08:49:35 AM Jan 25th 2016
Under Harry Potter: "Check the dates given for some major events: the most obvious examples are the birth and death dates on the graves of Harry's parents. Also, Harry's date of birth. In-universe, the events take place in the '90s and early '00s; the clock starts with Harry Potter and the Philosopher's Stone, published in 1997. Back then, phones were the size of tablets, computers couldn't do even one tenth of the things they can do now, there was no Facebook, no Twitter, no Internet... Alright, there was Internet, but you needed a modem to access, so... But the worst part was that computers still used floppy disks. If you don't know what that is, look it up. In that light, the lack of technology is not so surprising." This seems like a vast underestimation of 1997 technology or a vast overestimation of how far technology has advanced since them compared with how far it has advanced from wizard-level untill 1997. Back them ICBMS were very, very old news, computers were already capable enough so that banks, stock market, credit cards etc. were run with them and landlines were already more convenient than owls. It wasn't so long ago that the trope is averted, I believe.
01:22:55 AM Feb 14th 2013
edited by Candi
edited by Candi
"Truth In History, also. For hundreds of years, long bows were significantly more dangerous than GUNS on the field of battle. Back then, guns were horribly inaccurate and had slow reload, while a longbow could be fired more times per minute than a gun by a large margin. Even a properly fired arrow could pierce armor that early firearms could not. Technological advancements, combined with deforestation, eventually led to the adoption of guns by armies. The greatest advantage of guns was always that you could train a man to use one in a span of weeks, where building the muscles and accuracy of a skilled archer took decades (There was a saying, "To train a longbowman, you started by training his grandfather"). Maybe those future weapons just haven't evolved enough? But then you'd think a lot of people would still be using boring old bullets... Damn you, Rule Of Cool!" While this is an excellent illustration of how something can move out of 'Cool, but Inefficient', it strikes me as possibly nattery and maybe not necessary to the trope description. Thoughts? // //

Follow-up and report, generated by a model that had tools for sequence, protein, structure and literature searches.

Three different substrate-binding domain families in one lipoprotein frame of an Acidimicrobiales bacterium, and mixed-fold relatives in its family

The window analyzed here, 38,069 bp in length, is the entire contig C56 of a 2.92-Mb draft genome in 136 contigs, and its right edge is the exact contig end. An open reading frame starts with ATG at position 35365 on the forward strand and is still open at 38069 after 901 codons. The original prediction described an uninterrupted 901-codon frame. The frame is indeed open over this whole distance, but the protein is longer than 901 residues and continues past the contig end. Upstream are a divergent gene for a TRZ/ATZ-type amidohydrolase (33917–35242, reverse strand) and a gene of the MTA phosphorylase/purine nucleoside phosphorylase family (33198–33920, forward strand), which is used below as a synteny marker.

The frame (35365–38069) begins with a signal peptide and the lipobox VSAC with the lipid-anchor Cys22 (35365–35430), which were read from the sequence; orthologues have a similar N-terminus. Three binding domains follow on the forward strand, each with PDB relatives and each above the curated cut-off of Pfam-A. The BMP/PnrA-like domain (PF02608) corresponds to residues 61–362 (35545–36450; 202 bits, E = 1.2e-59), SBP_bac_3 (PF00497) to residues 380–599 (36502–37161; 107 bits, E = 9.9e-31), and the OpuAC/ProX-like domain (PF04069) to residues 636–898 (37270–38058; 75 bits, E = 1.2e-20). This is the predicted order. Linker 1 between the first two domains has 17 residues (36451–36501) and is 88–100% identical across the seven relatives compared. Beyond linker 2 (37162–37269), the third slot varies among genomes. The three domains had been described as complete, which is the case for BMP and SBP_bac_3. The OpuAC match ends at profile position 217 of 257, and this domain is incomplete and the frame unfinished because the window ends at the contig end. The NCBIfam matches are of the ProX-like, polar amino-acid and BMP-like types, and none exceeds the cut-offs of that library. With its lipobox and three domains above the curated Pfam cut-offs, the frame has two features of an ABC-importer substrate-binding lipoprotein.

- "This is lampshaded in Star Trek: First Contact. The Borg bad guys can develop immunity to their energy weapons, but Captain Picard kills two of them with holographic bullets fired from a holographic tommygun from a historic holodeck simulation. Even when they're not real, our guns are still better. Unless the drones simply hadn't adapted yet.*
- "Which brings up the question of why don't more Jedi just use blasters as well? Especially since we know the Force can help them aim."
09:05:44 PM Oct 7th 2012
The Warhammer 40K entries seem to be dedicated to explaining how "awesome" the weapons in the game are. There's no real detail as to how any of this is actually Inefficient in-Universe. Thoughts before editing?
06:00:34 AM Aug 31st 2013
Also some entries are rambling messes. I removed the most egregious one, because i don't have the time (not playing the game myself) to work through it and make it readable:
- On the other hand, the Imperial Guard is known for fielding tonnes of less elite, and lightly armed and armored infantry - humanity's numbers in 40K are at least in the trillions. They may have a laser gun, but in 40K, said laser guns' lack penetrating and stopping power against most of enemies of the Imperium(then again, said laser gun still has greater penetration than most modern guns, it's only Cool But Inefficient versus the incredibly powerful enemies you might run into in the 40k universe), its redeeming traits being very reliable, easy to maintain and make, (not to speak of that you can recharge the magazine by placing it in the sun or somewhere else that's reasonably warm which actually makes them Awesome But Practical) so you can arm those trillions.